Welcome to DU! The truly grassroots left-of-center political community where regular people, not algorithms, drive the discussions and set the standards. Join the community: Create a free account Support DU (and get rid of ads!): Become a Star Member Latest Breaking News Editorials & Other Articles General Discussion The DU Lounge All Forums Issue Forums Culture Forums Alliance Forums Region Forums Support Forums Help & Search


Voltaire2's Journal
Voltaire2's Journal
October 29, 2017

On Altruism, from the Stanford Encyclopedia of Philosophy.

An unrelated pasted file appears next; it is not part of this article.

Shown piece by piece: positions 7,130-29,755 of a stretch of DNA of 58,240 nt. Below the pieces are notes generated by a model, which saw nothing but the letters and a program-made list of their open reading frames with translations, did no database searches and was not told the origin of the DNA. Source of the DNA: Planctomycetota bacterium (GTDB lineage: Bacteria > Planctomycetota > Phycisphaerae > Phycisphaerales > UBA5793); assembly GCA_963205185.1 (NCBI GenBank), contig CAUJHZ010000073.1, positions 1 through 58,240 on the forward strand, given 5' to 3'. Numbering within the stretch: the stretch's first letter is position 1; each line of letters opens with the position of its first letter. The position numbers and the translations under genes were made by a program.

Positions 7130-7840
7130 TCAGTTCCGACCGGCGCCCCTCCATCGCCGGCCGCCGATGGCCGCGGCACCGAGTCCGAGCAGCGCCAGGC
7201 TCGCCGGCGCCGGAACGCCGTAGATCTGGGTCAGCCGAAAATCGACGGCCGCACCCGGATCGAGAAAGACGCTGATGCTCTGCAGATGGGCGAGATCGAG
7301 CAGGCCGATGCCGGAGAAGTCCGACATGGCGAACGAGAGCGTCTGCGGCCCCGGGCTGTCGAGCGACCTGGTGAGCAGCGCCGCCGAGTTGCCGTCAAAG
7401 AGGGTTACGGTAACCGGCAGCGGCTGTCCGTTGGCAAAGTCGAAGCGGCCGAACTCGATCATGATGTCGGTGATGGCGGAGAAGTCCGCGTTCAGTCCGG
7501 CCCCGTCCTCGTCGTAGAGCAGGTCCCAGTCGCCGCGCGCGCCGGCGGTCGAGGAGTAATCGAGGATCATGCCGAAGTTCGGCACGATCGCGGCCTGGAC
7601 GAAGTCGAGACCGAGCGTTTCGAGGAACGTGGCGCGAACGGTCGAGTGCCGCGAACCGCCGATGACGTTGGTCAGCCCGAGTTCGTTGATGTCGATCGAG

Do theories of the evolution of biological altruism apply to humans? This is part of the broader question of whether ideas about the evolution of animal behaviour can be extrapolated to humans, a question that fuelled the sociobiology controversy of the 1980s and is still actively debated today (cf. Boyd and Richerson 2006, Bowles and Gintis 2011, Sterelny 2012). All biologists accept that Homo sapiens is an evolved species, and thus that general evolutionary principles apply to it. However, human behaviour is obviously influenced by culture to a far greater extent than that of other animals, and is often the product of conscious beliefs and desires (though this does not necessarily mean that genetics has no influence.) Nonetheless, at least some human behaviour does seem to fit the predictions of the evolutionary theories reviewed above. In general, humans behave more altruistically (in the biological sense) towards their close kin than towards non-relatives, e.g. by helping relatives raise their children, just as kin selection theory would predict. It is also true that we tend to help those who have helped us out in the past, just as reciprocal altruism theory would predict. On the other hand, humans are unique in that we co-operate extensively with our non-kin; and more generally, numerous human behaviours seem anomalous from the point of view of biological fitness. Think for example of adoption. Parents who adopt children instead of having their own reduce their biological fitness, obviously, so adoption is an altruistic behaviour. But it is does not benefit kin—for parents are generally unrelated to the infants they adopt—and nor do the parents stand to gain much in the form of reciprocal benefits. So although evolutionary considerations can help us understand some human behaviours, they must be applied judiciously.